Tymchuk also said the only exhibit that was damaged was a historic quilt made by African American woman to celebrate America's Bicentennial. The quilt was stolen and left on the wet ground several blocks away.
The statues torn down in the Park Blocks include one of Roosevelt, which was erected in 1922, and one of Lincoln, erected in 1928.
According to Police Chief Chuck Lovell, Portland State University's Public Safety Building was damaged and several businesses also were vandalized, including a restaurant that was hit by gunfire, another restaurant, a coffee shop and a bank. Lovell said police had arrested three people, including the driver of a car that helped pull down one of the statues in the park.
"We are five months into this and we still have a fairly high level of violence taking place," Lovell said of the ongoing unrest. "We need to all come together and be mindful of what we want as a city (and) what we're willing to tolerate. These events, late at night, they purport to have a racial justice nexus, but they're not that. They're about violence and criminal destruction and they're really hurting our community. We all deserve better."
Wheeler added that there were many instances of people bragging about the destruction on social media late last night and Monday morning. He said their actions were instead an attack on institutions that support the oppressed people protesters are defending.
Violent protesters "are not engaged in any activity that has any relationship whatsoever to racial justice or equity," the mayor said. "They are purely engaged in violence and criminal destruction for the sake of violence and criminal destruction."
Reaction to the destruction was notable on Twitter, as not just conservative voices but progressive activists and others typically supportive of Black Lives Matter and protesters expressed dismay.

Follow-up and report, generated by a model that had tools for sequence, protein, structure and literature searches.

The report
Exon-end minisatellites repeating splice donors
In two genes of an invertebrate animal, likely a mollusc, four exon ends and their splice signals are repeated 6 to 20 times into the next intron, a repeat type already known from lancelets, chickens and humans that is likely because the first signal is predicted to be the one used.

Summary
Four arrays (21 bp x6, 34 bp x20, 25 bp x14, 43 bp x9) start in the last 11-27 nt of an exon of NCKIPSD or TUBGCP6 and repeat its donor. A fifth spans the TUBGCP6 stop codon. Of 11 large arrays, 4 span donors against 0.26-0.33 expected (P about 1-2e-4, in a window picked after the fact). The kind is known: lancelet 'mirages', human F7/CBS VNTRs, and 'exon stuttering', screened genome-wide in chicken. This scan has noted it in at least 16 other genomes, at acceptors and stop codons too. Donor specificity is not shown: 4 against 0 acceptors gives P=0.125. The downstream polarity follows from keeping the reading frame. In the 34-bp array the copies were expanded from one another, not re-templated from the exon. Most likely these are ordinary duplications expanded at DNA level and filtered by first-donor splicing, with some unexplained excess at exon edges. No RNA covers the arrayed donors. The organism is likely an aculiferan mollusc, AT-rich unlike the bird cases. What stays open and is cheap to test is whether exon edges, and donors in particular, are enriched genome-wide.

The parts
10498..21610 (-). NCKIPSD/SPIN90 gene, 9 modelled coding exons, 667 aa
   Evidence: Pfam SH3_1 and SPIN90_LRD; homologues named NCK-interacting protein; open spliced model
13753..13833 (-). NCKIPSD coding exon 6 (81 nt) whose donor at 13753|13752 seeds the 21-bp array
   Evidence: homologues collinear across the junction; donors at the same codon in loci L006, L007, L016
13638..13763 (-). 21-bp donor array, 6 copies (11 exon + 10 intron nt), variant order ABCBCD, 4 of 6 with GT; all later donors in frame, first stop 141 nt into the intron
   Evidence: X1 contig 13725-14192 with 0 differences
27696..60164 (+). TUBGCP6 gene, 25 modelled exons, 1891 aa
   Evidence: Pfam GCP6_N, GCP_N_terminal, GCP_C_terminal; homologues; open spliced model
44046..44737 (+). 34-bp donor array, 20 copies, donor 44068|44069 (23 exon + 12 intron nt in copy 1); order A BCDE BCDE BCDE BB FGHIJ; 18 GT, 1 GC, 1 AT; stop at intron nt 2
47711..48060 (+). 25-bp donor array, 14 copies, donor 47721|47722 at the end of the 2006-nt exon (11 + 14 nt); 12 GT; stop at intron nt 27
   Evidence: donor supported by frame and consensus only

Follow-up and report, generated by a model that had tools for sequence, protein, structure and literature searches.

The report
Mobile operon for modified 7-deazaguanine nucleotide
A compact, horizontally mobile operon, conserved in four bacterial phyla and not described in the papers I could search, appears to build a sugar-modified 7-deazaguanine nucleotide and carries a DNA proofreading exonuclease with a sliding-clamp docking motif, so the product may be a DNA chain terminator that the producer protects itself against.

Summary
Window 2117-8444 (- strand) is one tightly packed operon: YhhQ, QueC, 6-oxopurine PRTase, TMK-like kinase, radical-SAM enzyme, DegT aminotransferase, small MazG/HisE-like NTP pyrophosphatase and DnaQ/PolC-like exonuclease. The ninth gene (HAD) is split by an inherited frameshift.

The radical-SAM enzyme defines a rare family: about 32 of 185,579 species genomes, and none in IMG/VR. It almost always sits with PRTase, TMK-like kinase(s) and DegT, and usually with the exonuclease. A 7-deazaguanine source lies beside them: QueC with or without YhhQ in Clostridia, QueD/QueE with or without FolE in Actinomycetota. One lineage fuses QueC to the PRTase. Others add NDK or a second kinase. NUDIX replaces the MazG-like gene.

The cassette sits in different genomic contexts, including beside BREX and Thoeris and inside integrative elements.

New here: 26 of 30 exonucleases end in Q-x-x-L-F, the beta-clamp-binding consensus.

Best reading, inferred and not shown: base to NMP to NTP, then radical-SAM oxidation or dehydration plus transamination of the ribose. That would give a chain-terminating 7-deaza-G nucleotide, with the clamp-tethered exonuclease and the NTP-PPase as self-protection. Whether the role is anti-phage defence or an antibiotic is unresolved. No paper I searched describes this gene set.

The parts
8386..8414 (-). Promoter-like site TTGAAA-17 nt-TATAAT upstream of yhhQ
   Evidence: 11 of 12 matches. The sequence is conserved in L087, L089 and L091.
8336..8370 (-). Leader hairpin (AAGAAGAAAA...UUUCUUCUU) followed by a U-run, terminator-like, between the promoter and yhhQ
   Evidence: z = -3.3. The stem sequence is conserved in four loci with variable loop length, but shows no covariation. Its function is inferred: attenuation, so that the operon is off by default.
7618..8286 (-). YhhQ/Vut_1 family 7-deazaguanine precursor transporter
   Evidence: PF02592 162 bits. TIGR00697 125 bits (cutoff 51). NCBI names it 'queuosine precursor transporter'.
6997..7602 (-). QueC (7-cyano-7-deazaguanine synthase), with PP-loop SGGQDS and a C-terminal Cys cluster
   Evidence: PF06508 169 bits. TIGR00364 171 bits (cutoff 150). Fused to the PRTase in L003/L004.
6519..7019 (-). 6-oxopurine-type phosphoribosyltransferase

Zakir Khan, an activist, wrote, "Disappointed to see the Oregon Historical Society be attacked. It's been a place for many stories to be told and many discussions to be had."
In another tweet, he noted that nobody seemed to be paying attention to the visit to Portland on Sunday of armed right-wing protesters, some of whom reportedly shot paintballs at counter-protesters. He wrote that while museums could have multiple positive and negative aspects, "none of this is black and white."
Elliott Young, a history professor at Lewis & Clark College who researches racial disparities and has been highly critical of the Portland police, responded to Khan, "Yes, and having that conversation can't happen by breaking windows and torching buildings."
Laura Jedeed, who has extensively reported on the protests and far-right activists, wrote "Lincoln was FAR FROM PERFECT, but this makes me sad and no one can stop me from feeling sad about it."
Athul Acharya, a lawyer working with ACLU of Oregon on a federal lawsuit on behalf of legal observers and journalists injured in the Portland protests, wrote, "Without commenting on the merits, if I were trying my level best to turn the tide of public sentiment against the protests, I would try to convince them to take down a statue of Abraham Lincoln."